Friday, November 2, 2012

On Hallowed Ground



On the day before the Day of the Dead, I decided to go visit the land of the dead: a cemetery.

Evergreen isn't just any cemetery: there are lots of people buried there in nameless graves, with no family to visit them. After all, Evergreen Memorial Park & Crematory started out in 1877 as a potter's field, a mass grave for those too poor to buy their own plot of land (or headstone) as their final resting place.

Fifty years after its founding, Evergreen was full. They began cremating the poor to conserve space.

Nearly 50 years after that, its new private owners (having purchased it from the county) readied the plot of land for more burials by adding eight feet of soil on top of the existing unmarked graves, and burying the cremated remains of thousands of unclaimed dead.

I would visit them on Halloween.



Many early pioneers are buried there, and graves are marked by headstones which bear the recognizable names of some of our city's founding fathers - Bixby, Lankershim, Van Nuys...

But who visits these fathers, mothers, children and babies anymore?



There are flowers and decorations on some of the newer graves....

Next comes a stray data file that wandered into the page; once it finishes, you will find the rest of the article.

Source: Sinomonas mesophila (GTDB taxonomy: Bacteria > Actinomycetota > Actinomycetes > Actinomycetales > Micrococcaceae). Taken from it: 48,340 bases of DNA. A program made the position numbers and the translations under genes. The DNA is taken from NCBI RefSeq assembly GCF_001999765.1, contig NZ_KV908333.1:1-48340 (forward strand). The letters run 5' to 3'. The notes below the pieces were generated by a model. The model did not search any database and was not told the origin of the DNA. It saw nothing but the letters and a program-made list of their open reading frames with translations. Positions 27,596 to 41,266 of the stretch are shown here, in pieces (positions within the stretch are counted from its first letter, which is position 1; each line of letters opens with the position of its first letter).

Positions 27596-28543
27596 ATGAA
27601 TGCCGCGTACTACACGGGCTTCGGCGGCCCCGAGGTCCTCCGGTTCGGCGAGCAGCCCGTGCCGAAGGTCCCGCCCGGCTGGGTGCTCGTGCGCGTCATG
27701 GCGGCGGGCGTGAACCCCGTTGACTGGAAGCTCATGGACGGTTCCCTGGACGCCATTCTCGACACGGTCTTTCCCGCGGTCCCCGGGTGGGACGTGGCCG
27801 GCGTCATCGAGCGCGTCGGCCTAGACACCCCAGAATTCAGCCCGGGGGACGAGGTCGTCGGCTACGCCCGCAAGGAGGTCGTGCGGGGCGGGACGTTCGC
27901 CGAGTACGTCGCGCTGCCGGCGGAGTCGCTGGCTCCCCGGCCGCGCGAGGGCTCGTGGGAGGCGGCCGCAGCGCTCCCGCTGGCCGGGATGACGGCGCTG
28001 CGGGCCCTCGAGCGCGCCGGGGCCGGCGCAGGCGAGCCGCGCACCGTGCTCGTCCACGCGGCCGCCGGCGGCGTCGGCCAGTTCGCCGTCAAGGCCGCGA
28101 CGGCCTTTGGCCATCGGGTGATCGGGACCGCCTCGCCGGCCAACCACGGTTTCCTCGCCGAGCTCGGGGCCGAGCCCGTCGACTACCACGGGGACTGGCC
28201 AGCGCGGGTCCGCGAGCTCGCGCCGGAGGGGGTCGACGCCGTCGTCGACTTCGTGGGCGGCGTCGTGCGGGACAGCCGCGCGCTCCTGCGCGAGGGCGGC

...but what about the cracked?





The split?



The crumbling?



The toppled...



...and broken?



The nameless?



Where are their families now? Would they even know where to find them?



What about those who are buried...underneath?



Do they notice?



Do I disturb them, as gingerly as I try to tiptoe amidst the stones?



Am I welcome?



Do they know?



What about when construction workers excavating nearby land uncover their remains?



What happens then?















There are plenty of new burials happening all the time at Evergreen Cemetery - including one procession during my visit - adding to the layers of mourning and loss that are already nearly a century and a half old.



What happens when this one fills up too?

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